Stories by Scott Bradner

Instant messaging: The problems of success

Instant messaging is coming on like gangbusters in enterprise networks, and with its success come some of the burdens of that success. Burdens that include deciding whether to monitor or archive messages and the disruption of organisational boundaries.

How new a year will it be?

Last year was dramatically different than 2000 in many internet-related ways - the sinking in that the big bubble had burst will do that to you.

Juggling eggs

Microsoft said it would shut down part of its Passport single-logon system, at least for a while.

Will the wrong wireless succeed?

At one time it looked like there was a roadmap, a confusing one perhaps, but a roadmap nonetheless. Wireless internet was going to be everywhere, but you were going to use different wireless technologies depending on just where you were. This original roadmap seems to be getting overtaken by events, and a far simpler one may be emerging.

A blurry vision?

On August 2, right above a story about a new and cheaper generic version of Prozac, The New York Times announced the internet of tomorrow. If the prediction comes true, network managers may be glad Prozac will be getting very cheap in a few months. But, sorry Prozac makers, it will not come true.

Old bugs don't die easily

One might think that a vulnerability first described in 1985 would not be a factor in today's internet, especially if a good way to eliminate the vulnerability was published in 1996. But, sad to say, that is not the case.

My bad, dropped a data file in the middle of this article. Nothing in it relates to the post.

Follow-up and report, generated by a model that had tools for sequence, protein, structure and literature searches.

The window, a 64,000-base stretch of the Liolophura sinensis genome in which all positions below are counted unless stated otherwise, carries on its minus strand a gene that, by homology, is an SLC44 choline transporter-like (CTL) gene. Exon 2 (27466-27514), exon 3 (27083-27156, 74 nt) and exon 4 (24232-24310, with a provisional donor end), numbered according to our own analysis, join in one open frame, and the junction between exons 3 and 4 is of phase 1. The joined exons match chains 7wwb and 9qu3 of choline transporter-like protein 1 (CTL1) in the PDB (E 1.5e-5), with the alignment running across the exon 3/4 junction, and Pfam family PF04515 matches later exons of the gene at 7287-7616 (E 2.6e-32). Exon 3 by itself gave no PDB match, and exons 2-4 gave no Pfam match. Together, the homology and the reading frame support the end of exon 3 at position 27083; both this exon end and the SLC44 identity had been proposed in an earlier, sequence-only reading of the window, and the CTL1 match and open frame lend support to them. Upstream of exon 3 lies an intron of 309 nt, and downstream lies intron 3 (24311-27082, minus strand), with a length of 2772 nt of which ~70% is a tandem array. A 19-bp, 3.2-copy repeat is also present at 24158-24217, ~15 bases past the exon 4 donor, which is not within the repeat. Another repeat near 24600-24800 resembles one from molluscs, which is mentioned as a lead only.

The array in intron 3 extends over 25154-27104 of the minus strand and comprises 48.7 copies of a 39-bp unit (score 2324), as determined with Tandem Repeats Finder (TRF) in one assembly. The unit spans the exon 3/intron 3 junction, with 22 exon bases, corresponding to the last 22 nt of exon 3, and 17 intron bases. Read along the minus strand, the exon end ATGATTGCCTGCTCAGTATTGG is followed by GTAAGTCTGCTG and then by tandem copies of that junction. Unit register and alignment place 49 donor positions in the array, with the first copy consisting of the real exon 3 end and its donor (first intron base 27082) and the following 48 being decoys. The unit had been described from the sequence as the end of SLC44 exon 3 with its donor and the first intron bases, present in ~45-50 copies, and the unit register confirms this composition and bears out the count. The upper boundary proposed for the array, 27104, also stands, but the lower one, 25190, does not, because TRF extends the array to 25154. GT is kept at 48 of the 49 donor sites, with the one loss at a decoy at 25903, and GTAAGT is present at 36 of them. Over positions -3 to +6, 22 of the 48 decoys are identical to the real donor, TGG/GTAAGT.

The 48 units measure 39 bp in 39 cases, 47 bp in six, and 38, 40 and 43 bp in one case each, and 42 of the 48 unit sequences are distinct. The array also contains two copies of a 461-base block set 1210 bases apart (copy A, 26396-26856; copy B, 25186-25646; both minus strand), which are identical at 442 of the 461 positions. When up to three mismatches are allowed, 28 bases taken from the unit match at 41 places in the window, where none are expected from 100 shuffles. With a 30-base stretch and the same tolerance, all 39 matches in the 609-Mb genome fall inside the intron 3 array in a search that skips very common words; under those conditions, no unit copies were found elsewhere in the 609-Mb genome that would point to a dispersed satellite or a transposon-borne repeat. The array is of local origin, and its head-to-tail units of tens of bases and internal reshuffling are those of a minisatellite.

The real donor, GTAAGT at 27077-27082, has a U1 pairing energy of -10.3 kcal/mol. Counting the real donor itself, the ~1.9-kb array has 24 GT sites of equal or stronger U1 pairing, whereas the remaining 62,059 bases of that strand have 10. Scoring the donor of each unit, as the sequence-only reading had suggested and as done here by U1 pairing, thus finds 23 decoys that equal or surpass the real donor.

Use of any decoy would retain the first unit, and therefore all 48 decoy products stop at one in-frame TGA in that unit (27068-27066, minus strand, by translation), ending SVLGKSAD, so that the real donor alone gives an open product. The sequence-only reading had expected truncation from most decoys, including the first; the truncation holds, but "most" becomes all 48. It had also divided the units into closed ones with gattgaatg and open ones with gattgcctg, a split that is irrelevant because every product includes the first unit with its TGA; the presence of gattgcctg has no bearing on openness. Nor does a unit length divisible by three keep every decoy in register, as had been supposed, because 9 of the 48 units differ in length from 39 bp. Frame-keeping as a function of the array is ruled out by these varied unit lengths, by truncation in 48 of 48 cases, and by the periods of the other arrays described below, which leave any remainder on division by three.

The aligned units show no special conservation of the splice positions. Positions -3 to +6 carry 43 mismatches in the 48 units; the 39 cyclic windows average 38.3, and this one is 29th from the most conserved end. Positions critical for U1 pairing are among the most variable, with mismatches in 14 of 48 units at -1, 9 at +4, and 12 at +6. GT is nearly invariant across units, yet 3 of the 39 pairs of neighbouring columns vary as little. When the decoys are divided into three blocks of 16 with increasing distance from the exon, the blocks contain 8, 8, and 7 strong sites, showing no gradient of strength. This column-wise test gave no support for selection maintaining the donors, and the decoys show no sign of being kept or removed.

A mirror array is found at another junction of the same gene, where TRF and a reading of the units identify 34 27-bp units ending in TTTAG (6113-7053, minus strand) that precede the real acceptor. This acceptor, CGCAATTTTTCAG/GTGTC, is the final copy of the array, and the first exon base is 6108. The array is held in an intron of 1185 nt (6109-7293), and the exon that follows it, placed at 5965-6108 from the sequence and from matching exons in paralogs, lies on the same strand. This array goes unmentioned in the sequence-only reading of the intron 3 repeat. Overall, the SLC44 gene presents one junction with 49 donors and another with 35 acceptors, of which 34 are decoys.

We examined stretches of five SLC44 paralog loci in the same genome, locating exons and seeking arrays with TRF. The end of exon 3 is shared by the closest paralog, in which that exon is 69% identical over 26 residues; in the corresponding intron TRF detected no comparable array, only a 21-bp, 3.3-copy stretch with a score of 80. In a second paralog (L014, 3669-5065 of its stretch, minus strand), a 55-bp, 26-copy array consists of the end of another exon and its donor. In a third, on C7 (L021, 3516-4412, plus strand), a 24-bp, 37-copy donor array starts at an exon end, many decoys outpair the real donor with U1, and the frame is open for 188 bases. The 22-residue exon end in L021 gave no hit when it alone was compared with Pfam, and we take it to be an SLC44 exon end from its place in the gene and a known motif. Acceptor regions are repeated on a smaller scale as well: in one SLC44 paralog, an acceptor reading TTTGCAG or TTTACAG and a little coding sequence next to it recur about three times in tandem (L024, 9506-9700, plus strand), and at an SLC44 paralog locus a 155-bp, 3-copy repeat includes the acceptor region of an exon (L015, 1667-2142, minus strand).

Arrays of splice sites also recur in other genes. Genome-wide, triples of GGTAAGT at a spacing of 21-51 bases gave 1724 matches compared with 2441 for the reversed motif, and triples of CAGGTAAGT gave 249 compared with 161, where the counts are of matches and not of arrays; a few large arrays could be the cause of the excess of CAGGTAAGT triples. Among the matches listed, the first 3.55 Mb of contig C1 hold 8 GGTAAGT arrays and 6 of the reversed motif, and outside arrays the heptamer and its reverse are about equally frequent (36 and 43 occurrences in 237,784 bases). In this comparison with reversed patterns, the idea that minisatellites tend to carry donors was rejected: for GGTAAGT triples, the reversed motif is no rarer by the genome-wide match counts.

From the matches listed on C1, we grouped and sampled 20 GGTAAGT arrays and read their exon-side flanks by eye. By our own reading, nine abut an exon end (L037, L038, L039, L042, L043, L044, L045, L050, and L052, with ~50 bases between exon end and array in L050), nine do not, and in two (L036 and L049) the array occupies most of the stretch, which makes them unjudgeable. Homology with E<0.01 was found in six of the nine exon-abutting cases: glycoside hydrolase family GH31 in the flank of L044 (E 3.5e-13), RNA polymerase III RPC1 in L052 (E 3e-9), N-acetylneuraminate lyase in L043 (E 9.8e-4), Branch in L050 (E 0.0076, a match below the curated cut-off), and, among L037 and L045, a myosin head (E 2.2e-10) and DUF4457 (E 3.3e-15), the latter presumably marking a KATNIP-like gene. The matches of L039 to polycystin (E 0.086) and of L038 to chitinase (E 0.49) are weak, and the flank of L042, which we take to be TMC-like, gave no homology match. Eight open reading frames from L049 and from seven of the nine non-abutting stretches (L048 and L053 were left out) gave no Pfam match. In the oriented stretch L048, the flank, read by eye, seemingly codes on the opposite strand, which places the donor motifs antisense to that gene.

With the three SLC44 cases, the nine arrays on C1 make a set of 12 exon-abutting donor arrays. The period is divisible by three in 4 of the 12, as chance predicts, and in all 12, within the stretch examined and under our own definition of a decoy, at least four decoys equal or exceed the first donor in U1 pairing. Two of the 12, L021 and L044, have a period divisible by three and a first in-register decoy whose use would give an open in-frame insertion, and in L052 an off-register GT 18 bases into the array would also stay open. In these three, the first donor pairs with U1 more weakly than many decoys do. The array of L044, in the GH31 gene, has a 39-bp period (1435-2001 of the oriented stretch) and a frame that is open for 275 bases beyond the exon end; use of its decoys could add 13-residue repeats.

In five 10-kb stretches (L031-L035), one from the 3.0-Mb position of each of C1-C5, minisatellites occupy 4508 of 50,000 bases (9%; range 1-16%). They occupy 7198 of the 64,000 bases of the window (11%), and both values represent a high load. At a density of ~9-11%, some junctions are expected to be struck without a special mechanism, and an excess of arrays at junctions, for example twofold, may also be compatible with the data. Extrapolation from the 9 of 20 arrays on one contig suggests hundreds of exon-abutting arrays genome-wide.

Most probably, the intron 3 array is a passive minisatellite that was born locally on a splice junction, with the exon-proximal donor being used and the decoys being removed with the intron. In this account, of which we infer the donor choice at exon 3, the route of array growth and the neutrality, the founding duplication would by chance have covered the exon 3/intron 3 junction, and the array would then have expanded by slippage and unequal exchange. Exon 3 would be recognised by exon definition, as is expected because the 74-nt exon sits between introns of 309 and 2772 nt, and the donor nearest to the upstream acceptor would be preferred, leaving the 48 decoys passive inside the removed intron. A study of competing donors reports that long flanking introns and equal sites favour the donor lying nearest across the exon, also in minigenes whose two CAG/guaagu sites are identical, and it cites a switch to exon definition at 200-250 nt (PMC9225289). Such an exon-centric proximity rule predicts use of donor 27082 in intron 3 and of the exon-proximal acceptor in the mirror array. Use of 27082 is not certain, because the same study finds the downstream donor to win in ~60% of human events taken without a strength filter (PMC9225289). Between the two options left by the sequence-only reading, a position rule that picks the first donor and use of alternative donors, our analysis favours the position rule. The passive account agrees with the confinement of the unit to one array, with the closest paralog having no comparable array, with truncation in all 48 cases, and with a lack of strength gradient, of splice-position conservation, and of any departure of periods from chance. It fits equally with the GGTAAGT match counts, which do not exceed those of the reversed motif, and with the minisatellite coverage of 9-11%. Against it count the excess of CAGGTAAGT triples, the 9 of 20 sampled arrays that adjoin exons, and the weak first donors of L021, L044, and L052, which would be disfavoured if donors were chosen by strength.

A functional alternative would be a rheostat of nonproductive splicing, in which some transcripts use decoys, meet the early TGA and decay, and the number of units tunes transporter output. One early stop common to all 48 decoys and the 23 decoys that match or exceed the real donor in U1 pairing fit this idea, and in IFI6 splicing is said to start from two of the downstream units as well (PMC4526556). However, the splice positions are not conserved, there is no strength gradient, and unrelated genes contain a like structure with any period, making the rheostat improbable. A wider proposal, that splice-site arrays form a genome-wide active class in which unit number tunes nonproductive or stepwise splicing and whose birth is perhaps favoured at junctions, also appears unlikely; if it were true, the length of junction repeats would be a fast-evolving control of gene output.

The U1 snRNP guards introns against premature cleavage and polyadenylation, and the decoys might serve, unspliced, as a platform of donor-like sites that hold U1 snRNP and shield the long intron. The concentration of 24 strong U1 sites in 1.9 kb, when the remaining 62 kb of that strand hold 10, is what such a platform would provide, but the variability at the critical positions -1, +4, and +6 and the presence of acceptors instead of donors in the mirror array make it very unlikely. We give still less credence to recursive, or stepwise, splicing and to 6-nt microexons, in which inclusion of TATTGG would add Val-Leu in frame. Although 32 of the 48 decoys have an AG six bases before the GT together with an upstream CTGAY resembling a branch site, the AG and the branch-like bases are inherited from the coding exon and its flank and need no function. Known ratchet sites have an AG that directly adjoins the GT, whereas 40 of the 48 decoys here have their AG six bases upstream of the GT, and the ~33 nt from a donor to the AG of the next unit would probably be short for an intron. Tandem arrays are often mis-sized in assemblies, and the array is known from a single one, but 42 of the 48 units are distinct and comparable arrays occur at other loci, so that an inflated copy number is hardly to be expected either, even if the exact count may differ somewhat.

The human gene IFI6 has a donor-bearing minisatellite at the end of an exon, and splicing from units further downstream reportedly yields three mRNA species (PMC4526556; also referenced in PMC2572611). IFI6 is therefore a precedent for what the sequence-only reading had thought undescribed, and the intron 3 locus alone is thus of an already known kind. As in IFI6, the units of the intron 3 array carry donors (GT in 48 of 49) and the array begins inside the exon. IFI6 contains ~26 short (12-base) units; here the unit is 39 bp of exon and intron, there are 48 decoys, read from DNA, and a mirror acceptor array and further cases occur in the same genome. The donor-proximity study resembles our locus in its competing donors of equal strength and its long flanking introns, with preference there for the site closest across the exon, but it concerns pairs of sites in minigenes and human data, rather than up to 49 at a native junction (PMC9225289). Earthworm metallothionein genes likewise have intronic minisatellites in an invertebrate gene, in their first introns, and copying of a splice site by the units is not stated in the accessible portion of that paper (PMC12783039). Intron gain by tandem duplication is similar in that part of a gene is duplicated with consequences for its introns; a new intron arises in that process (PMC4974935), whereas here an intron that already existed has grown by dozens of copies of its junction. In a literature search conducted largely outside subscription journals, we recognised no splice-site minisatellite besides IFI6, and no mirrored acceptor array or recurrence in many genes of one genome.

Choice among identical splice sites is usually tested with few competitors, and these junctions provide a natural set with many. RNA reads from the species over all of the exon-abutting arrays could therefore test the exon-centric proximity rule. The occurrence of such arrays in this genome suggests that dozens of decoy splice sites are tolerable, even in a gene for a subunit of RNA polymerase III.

Can someone please sue one of them?

I'm sad to say it did not surprise me when CNN announced yet another case of credit card and other customer information getting stolen from a hacked website.

If you send me mail, make it plain

Unless someone is sending me a picture, I wish the person would stick to plain text e-mail. I've felt this way for a while on general principles, but now a number of security problems are strengthening my opinion.

An unhealthy tension

Congress held a hearing on the internet earlier this month. Such a hearing is hardly a unique occurrence, but in this case, it is symptomatic of a growing problem.

More than just engineering?

I happened the other day across a very interesting TV programme about life in the US in 1900. During this PBS show, one of the commentators relayed a variation on the often quoted notion from a US Patent Office director who said, in essence, that everything which could be invented had been.

Why did you think they would work?

I may be strange, but I don't really like most advertising I see on the internet. Actually, that's not quite right. Since I studiously ignore the ads on the websites I visit, I'm not sure if I would like the ads or not.

Process as a problem

I ran into Federal Trade Commission Commissioner Mozelle Thompson at a recent conference. After he politely admonished me for something I said during an earlier panel session, we talked about internet privacy, which had been one of the panel topics.

Pouring money into a hole

Spending a few days in Europe, as I've just done, sure makes the insanity of some of the telecommunications world clear.

Next time via the 'net?

For some reason, voting technologies have been on my mind. The voting systems currently used in the US clearly have some shortcomings.